OU Football: Sorry, but Big 12 Title Won’t Get Sooners Into Playoff
It’s time to put all this talk about the Big 12 and OU football, in particular, still having a glimmer of hope of making the College Football Playoff, to bed, once and for all.
All this does is fuel false hope and, more than that, headlines and story angles that are attempting to keep interest in the Big 12 high at a point in the season when most experts both inside and outside of Big 12 country have written off the conference as the weakest of the Power Five leagues this season.
A couple of reasons that the Sooners have not been totally written off as a Playoff contender is because:
- The chaos that has begun to build as the late-season matchups become increasingly important and the conference championship games loom, and
- The value that the CFP selection committee places on strength of schedule, particularly the nonconference portion.
Oklahoma is unbeaten in six consecutive games since losing to Ohio State in the third week of the season and has been slowly moving back up in the national rankings as a result.
The Sooners re-entered the top 10, at No. 9 this week, which has sparked speculation that if they are able to continue winning, which would give them a perfect 9-0 conference record and a 10th Big 12 championship, and if utter chaos forces a total shakeup in the nation’s top teams over the next three weeks – and if ifs and buts were candy and nuts… – there would still be a sliver of a chance that the Sooners could sneak into college football’s Final Four.
You can go on an hold out hope, if you want to, but I’m telling you it will all be to no avail.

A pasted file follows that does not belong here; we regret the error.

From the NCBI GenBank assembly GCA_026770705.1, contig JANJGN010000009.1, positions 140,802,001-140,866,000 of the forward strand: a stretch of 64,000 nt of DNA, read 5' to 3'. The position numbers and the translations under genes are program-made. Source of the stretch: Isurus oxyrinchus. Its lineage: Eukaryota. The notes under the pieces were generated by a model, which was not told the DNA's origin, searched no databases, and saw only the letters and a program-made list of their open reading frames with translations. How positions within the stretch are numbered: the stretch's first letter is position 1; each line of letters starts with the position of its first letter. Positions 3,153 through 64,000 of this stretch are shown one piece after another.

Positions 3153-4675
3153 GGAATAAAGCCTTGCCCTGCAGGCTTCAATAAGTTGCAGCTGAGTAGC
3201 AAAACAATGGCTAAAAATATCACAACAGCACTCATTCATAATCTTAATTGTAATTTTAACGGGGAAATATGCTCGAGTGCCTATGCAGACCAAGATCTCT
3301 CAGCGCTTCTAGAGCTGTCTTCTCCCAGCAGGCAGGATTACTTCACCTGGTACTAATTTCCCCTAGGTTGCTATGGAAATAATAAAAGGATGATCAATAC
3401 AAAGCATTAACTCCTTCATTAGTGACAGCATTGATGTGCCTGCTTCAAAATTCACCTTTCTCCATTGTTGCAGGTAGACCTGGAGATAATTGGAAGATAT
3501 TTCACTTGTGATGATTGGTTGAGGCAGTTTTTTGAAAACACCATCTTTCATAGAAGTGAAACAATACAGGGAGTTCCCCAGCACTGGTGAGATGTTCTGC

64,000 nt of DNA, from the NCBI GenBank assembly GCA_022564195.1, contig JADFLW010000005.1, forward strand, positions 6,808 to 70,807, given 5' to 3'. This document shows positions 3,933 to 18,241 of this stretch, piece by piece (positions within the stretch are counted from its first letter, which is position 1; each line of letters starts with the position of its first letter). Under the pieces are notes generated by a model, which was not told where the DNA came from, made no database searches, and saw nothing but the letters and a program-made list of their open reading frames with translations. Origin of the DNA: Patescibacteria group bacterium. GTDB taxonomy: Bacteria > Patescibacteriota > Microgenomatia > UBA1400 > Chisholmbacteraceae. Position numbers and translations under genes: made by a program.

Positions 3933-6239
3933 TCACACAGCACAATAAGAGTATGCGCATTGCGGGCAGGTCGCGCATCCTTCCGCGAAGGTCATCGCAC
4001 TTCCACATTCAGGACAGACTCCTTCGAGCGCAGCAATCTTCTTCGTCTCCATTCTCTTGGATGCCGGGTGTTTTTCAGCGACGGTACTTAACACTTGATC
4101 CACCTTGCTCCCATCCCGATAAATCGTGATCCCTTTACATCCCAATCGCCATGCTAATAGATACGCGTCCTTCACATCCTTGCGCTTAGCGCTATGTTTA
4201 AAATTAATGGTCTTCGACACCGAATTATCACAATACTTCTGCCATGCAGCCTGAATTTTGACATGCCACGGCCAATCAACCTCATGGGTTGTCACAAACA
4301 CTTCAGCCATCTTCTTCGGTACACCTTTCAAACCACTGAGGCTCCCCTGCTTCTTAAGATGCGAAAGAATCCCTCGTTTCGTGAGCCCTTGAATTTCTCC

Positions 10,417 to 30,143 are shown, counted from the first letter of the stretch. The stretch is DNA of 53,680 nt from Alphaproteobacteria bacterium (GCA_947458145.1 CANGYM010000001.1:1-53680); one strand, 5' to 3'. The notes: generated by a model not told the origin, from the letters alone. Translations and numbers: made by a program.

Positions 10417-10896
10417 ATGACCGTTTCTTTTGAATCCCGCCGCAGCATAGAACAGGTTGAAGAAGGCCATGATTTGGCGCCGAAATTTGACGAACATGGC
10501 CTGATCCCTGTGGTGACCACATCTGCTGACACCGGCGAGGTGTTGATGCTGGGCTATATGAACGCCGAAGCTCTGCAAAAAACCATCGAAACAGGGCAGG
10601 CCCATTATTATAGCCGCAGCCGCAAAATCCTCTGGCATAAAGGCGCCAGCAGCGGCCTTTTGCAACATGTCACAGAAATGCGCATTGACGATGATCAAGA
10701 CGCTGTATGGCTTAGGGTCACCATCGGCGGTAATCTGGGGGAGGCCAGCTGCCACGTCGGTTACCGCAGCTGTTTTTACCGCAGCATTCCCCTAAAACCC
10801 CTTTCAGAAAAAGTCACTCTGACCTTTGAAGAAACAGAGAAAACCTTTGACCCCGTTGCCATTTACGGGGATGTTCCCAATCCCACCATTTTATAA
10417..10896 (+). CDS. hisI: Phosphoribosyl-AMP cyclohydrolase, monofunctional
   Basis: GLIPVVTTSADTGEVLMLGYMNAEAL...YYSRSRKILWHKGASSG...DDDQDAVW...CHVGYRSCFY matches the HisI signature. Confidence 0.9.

I don’t mean to sound like a cynic or a killjoy, and I’m not at all down on Oklahoma football. In fact, I’m feeling just the opposite. I couldn’t be a bigger fan right now, the way the Sooners have fought off an unusual number of injuries and adversity and a season in which the defense has struggled mightily more times than not.
Oklahoma has brushed aside six Big 12 opponents and has not lost a game in nearly two months and boasts one of the most explosive offenses in the country, averaging 44 points and 558 yards per game. How could anybody not be energized by that?
And the next three games – against Baylor, West Virginia and Oklahoma State, all three ranked in the top 25 this week – will be filled with all the drama you could expect in a season ending trifecta.
After suffering devastating defeats in two of it first three games, against teams that at the time were both ranked among the top 15 in the country, the best Oklahoma could hope for was a 10-win regular season, something Bob Stoops’ teams have done 13 times in 17 seasons. That in itself would require going through a very competitive, nine-game Big 12 schedule without a loss.
The Sooners are now six games into that journey without a blemish, but the hardest part of the journey is straight ahead. I believe OU is a lock to come out on top in at least two of its final three games and a better than 50-50 bet of completing the hat trick.